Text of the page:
Herein, my opinion of the difference between a tart and a pie: it’s all in the crust.
Pie crust is a cracker – a flaky, tender cracker but a nearly flavorless cracker nonetheless. Its entire purpose is to hold the filling, and it succeeds best by being not – not hard, not tough, not sweet, not tart, not soggy.
Tart crust is a cookie – with far less sugar if you’re making savory tarts, but a firm, flavorful, crumbly cookie nonetheless.
For pie dough I’ve come to appreciate the 3-2-1 method. By weight, 3 parts flour, 2 parts fat, 1 part liquid. As Alton Brown told us all in The Crust Never Sleeps, shortening (or lard) makes tender and butter makes flaky. never mind his mix, I like roughly half of each for my ‘2 parts’. 9 ounces of flour (3 butter, 3 shortening, 3 water) works for me when making a 9 inch slightly deep dish pie.
Just for a reminder, cut cold fat into cold flour till it looks like cornmeal, then sprinkle in the cold water and stir just till it comes together in a dough ball. Remove, put in a closed container and into the refrigerator to let the dough hydrate – 10 to 20 minutes works, half an hour is usually recommended. Put the ball on a lightly floured surface, roll it out, put it in the pan. Whether you bake and then add filling or add filling or then bake depends on what you’re making, but you’ve got the crust at that point.
Now for tart crusts, if you’re really pressed just buy sugar cookie dough. Yep, makes a very tasty tart base (for sweet tarts – I’ll get to savory in a bit).
But if you’re wanting what I think is a better tart crust, you go to shortbread instead – still ‘cookie’, but better. It’s just as easy by the way. 3-2-1, flour-fat-liquid. It’s just a couple of details change. 3 parts flour, still. 2 parts butter, no shortening. (well, you can, but bleah). And for the liquid, 1 part sugar.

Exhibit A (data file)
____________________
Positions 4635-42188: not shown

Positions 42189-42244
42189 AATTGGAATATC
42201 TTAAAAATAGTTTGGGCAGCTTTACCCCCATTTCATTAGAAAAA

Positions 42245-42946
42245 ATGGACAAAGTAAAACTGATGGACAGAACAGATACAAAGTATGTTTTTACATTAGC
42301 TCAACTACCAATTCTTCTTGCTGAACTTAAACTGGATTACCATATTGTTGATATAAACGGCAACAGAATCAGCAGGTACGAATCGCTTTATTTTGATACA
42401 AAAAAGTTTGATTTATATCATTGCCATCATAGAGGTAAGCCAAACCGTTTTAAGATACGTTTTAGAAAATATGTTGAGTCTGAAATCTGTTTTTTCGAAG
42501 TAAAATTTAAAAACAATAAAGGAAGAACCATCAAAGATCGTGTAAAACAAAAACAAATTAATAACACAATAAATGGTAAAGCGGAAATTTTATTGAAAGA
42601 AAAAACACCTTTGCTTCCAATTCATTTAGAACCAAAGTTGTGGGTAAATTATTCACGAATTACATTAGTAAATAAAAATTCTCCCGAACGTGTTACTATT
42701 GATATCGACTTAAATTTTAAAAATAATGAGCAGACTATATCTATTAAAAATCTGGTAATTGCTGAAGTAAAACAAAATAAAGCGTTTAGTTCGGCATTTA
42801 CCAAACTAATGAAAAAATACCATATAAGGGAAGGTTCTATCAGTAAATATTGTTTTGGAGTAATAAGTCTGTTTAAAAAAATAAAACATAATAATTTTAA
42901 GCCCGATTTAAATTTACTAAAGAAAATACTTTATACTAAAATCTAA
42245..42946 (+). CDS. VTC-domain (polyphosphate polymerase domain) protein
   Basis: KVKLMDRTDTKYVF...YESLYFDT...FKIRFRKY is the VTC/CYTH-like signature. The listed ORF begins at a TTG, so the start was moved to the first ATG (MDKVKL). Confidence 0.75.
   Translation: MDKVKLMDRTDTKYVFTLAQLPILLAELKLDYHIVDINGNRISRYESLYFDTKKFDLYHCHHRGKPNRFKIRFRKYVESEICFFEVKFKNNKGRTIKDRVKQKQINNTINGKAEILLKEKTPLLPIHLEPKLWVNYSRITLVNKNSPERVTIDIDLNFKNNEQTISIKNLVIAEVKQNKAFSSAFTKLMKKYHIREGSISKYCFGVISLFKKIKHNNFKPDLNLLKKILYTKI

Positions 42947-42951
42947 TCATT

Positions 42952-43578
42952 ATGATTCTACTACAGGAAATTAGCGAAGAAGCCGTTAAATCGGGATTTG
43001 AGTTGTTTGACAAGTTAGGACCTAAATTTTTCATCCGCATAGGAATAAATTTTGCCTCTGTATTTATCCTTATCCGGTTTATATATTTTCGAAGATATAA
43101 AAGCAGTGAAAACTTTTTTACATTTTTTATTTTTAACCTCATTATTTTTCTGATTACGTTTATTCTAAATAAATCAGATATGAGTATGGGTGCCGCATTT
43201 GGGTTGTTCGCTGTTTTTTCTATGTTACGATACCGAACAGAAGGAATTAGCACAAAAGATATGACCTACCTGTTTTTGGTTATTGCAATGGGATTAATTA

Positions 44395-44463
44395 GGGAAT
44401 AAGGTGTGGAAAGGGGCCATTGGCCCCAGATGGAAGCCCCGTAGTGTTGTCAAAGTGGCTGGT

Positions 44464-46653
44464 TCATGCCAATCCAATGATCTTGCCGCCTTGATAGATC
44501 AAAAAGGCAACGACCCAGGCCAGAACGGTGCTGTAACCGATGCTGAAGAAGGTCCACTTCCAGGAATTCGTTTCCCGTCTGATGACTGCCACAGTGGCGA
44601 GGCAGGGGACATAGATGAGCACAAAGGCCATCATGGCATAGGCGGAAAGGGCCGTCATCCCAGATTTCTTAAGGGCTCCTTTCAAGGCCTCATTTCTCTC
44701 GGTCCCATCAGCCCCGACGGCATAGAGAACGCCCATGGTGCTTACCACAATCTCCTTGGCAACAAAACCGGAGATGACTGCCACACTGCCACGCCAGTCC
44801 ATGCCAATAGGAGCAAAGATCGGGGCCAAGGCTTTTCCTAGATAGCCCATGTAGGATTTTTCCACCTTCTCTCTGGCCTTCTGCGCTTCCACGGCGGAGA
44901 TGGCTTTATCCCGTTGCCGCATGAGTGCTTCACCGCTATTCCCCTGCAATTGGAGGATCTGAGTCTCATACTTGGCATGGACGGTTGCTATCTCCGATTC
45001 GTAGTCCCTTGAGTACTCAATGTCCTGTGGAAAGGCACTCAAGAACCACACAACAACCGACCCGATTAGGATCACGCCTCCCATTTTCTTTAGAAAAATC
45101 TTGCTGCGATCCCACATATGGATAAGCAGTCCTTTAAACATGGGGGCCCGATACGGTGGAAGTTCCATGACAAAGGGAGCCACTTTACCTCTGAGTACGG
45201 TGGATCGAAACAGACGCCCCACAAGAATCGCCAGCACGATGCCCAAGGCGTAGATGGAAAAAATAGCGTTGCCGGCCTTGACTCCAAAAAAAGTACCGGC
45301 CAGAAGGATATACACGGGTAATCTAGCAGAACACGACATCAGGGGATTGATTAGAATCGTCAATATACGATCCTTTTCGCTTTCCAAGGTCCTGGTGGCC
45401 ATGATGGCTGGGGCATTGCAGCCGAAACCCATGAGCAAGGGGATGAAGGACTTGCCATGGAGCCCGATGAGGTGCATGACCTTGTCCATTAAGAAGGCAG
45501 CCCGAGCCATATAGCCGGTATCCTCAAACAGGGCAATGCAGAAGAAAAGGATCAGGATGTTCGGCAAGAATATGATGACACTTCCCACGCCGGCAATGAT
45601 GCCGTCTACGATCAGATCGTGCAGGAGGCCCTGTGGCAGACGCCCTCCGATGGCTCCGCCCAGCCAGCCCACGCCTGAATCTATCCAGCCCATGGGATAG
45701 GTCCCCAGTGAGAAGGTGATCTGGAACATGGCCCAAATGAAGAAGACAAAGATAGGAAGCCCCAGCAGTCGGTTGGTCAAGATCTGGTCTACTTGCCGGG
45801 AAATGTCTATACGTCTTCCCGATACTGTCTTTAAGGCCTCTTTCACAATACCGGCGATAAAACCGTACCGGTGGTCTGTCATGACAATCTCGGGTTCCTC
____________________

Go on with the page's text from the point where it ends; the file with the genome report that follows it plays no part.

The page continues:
Yes, sugar for the liquid. And make this in reverse. Cream the sugar into the butter. This’ll break up the butter so it doesn’t make all those striations (flakiness) in the flour. Mix the flour into this, and as long as the butter remains cold the water won’t separate and you’ll get very little gluten development (and toughness). Into the refrigerator to hydrate and cool, bring it out and roll just like the pie dough.
This shortbread isn’t all that sweet, either, which means it’ll work for a lot of savory tarts. But sometimes you don’t want sweet at all. So what’re you going to do?
Still 3-2-1. Still 3 flour and 2 butter, but this time the liquid is … an egg. An egg is 2 to 3 ounces by weight, so you’ve got a minimum size (or you need to split the resulting dough between pans) for the butter and flour. Mix the butter and flour as for a pie dough. Add the egg and don’t worry about the gluten, just mix till it forms a ball. If the dough’s still too dry and won’t form a ball add a little cold water, about a teaspoon at a time, and mix briefly to see if it comes together. The egg, between its fats and liquids and various nifty proteins, will make the crust short without the sweet. Same drill with the refrigerator and the rolling, of course.
Oh, and all of that above about the chef and such telling you to add stuff? Well, there is nothing saying you can’t add a bit to any of the crusts above. Make a lemon tart, for example, and when you’re making that crust add a bit of lemon zest. There’s no problem putting a minced clove of garlic in the savory crust, either. I’m not convinced of the use of adding anything to the pie crust (the cracker) but I’m not against it, either.